At first sight, Smith’s proposal appears as a sensible and pragmatic response to the problem of poor spelling. He is not arguing for abandoning the rules of spelling, only for taking a relaxed attitude towards a relatively small number of commonly misspelled words. Unfortunately, in today’s philistine intellectual climate, this pragmatic response can only end up legitimising poor standards of literacy. Taking an eclectic approach towards the rules of spelling would send the signal that how words are written is negotiable, even unimportant. Once variant spelling becomes acceptable for some commonly misspelled words, the list will grow and grow.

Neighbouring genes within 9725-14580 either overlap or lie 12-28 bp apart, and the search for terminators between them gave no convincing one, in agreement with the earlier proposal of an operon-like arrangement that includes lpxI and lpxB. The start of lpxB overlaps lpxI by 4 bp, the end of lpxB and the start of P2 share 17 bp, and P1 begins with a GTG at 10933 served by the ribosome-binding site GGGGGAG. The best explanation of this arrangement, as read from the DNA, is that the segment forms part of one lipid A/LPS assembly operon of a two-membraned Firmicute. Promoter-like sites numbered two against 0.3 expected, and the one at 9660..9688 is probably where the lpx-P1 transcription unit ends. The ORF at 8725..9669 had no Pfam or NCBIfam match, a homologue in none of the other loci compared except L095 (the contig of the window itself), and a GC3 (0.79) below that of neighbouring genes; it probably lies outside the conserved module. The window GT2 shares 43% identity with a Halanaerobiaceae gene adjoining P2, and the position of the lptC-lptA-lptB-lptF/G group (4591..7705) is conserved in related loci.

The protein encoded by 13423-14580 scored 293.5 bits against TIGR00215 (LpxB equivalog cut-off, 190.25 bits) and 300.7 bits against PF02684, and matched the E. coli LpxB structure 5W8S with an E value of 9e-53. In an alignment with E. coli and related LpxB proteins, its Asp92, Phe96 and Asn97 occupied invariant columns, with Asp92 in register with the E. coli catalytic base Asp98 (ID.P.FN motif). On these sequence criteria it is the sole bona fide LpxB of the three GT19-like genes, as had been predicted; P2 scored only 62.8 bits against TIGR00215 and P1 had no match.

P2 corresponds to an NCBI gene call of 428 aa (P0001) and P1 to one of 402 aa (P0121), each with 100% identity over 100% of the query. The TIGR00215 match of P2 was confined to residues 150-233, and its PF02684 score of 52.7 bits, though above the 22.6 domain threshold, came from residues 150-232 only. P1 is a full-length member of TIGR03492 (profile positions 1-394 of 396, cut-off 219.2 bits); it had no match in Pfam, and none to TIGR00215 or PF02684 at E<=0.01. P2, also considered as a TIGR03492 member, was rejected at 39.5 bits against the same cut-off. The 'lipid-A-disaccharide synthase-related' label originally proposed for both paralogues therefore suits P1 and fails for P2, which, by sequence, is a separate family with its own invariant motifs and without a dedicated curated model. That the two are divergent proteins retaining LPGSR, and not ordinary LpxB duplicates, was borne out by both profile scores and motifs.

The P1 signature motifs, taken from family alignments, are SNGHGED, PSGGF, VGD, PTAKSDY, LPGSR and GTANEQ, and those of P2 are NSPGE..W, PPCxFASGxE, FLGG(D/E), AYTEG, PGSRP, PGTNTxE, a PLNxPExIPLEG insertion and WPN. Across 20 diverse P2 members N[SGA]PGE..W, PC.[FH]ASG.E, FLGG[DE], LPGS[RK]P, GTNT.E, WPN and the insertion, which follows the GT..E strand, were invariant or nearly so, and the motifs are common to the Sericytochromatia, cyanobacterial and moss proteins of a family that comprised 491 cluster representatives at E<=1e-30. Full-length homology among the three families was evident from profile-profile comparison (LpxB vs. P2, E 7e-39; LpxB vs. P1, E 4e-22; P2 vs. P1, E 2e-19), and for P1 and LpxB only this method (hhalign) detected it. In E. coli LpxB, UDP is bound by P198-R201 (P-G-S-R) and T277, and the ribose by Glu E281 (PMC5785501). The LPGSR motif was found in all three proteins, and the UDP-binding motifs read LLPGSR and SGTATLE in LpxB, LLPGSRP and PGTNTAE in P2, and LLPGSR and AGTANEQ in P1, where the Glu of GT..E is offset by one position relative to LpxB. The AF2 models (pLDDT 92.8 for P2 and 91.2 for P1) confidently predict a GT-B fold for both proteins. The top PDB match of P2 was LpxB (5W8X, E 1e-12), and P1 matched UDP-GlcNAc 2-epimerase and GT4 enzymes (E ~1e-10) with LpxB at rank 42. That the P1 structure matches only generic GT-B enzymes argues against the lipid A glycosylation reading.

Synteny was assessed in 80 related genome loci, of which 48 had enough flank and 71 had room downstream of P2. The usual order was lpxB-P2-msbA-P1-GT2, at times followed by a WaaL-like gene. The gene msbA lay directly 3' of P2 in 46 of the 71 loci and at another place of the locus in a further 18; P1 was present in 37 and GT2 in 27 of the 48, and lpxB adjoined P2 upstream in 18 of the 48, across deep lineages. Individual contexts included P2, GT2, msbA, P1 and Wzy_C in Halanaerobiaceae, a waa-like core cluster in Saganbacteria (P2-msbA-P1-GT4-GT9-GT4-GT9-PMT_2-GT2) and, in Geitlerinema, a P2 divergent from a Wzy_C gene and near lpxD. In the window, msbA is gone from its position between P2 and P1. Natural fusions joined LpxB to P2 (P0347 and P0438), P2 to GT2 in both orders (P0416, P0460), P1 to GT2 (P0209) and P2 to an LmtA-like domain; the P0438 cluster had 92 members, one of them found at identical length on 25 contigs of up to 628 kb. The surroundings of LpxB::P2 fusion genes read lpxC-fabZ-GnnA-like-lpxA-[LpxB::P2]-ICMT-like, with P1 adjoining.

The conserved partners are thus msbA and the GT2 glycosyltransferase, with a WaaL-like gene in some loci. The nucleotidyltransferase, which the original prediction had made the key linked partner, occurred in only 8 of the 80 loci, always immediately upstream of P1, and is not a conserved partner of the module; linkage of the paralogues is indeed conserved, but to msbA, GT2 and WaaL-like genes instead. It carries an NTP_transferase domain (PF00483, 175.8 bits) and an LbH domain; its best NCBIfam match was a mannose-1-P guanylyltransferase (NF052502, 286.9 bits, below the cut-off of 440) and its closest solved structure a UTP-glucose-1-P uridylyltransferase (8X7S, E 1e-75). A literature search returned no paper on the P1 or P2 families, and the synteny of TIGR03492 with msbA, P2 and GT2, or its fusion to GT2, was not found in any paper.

My principal objection to ‘variant spelling’ is that it reinforces the pernicious idea that children and young people today cannot be expected to meet the difficult challenge of learning how to use language correctly. For some time now, influential educators have asked whether it is desirable to teach children correct spelling. Some pedagogues argue that teaching spelling is a waste of time that serves no positive purpose. Others claim that an insistence in the classroom on spelling everything correctly frustrates those who suffer from learning disabilities and dyslexia.